Last night we had our monthly club game night. I played in a great age of sale game hosted by Andre Kruppa. This used 'Clear for Action' rules which uses an interesting system of two networked computers. After orders and maneuvers for each move are plotted, the computers track ship movements in a graphical display which is then used to move the models on the game table. Similarly combat is also tracked and moderated through the computer. I have to say it makes what can be a very complex period to game, quite simple and enjoyable while still providing the detail necessary to make the period what it is.

The other two games were a 6mm WWII land battle, "Bloody Buron" (Normandy: June 7, 1944) using Blitzkreig Commander rules hosted by Jerry Corey and a WWII air-to-air combat game "Adlertag" (Eagle Day) - based on the Battle of Britain (70th Anniversary) using Warbirds in Miniature  and 1/144th Scale models hosted by Phil Hammond. More photos can be found on our club's photo gallery.

Monday, September 13, 2010

Early War Escalation League

Sunday afternoon we had our first gathering for Adler Hobby's early war Flames of War escalation league. Four of the players showed up and we played our first games. Two players brought 600 point forces painted and ready to go, one brought a French armor company and I brought my pioneers which I posted in a previous post. Another player brought a partially completed German light armor company, with enough tanks painted and primed to play. the fourth player used one of the store's forces to get a feel for the rules.  In this photo on the far table you can see French light armor facing off against a force of German Panzer II and III tanks. In the foreground was my table where my pioneers tried to hold off an onslaught of German light armor in a 'training mission' game.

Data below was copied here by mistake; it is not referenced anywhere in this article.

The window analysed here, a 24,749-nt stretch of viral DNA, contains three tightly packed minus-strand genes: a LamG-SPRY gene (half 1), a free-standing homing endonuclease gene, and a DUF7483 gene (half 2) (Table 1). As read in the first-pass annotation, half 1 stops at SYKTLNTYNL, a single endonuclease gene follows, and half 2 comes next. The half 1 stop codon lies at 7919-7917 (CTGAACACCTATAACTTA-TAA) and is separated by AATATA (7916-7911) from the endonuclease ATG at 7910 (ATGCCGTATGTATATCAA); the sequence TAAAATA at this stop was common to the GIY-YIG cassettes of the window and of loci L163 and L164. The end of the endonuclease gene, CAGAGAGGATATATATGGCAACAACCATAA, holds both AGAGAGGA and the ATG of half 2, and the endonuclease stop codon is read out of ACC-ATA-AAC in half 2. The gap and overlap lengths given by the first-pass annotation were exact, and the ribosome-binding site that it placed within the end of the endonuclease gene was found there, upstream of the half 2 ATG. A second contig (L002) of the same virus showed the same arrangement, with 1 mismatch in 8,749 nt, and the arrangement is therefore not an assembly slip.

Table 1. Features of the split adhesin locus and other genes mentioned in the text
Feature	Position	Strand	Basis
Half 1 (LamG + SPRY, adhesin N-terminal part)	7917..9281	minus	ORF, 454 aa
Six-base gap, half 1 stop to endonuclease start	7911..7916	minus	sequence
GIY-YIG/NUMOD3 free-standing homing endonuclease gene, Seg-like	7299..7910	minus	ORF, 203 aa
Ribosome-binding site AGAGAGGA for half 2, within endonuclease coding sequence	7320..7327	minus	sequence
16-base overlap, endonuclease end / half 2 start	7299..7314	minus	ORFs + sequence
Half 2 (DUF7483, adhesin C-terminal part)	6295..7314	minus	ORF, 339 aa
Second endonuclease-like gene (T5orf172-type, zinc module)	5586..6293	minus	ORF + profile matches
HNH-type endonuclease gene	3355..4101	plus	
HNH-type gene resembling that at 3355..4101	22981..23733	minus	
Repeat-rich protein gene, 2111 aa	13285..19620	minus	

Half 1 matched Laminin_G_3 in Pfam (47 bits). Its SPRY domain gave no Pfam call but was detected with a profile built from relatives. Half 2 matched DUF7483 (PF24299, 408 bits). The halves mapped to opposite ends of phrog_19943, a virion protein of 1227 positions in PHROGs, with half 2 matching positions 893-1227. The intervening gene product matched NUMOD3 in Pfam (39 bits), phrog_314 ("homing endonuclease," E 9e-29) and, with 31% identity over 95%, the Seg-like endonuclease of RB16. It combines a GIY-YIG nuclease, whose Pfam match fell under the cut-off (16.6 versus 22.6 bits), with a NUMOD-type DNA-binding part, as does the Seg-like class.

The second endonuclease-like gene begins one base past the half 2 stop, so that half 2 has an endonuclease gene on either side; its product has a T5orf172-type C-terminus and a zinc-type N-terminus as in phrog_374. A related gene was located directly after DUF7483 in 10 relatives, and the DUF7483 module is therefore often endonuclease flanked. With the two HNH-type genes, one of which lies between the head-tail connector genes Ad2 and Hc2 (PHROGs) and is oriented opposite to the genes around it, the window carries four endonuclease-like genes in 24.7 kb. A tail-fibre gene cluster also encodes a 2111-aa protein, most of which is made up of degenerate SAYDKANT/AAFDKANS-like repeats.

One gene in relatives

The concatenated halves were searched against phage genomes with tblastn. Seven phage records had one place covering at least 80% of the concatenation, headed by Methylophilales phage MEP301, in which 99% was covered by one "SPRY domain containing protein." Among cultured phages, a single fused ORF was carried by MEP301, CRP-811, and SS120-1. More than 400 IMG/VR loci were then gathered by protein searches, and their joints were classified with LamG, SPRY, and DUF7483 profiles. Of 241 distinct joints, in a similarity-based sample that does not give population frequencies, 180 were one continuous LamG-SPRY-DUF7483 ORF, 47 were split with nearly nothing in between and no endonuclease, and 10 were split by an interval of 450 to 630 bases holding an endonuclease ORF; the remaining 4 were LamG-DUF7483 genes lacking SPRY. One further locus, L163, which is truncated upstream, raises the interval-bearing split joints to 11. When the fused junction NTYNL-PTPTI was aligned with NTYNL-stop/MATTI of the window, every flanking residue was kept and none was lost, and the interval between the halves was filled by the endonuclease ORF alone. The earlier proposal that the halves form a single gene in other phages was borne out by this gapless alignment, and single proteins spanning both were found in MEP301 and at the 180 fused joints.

Here's a photo of my right flank in my game. My three lowly PanzerJagers supported by my command Panzerbefehlswagen unwisely try to take on a force of five Panzer IIs, a Panzer I and two Panzerbefehlswagen command tanks. While they held out surprisingly well, and took out four of the Panzer IIs before being destroyed themselves, eventually they were overwhelmed by the larger opposing force. On my other flank, not shown, was a force of three Panzer IIs, one Panzer I and one Panzerbefehlswagen which made short work of my AA half tracks picking them off from behind my infantry's dug in position. Pretty much anything that was in sight of enemy armor was dead, even from just moving MG fire. Pretty telling. Once the PanzerJagers and AA were destroyed I failed company morale and the game was over. Next up will be me painting up something for my 600 point force that can handle hordes of light tanks, since I'll be seeing more of them with at least 2 players playing light armor, and one playing mechanized British infantry presumably in Bren carriers and eventually probably some Matilda support.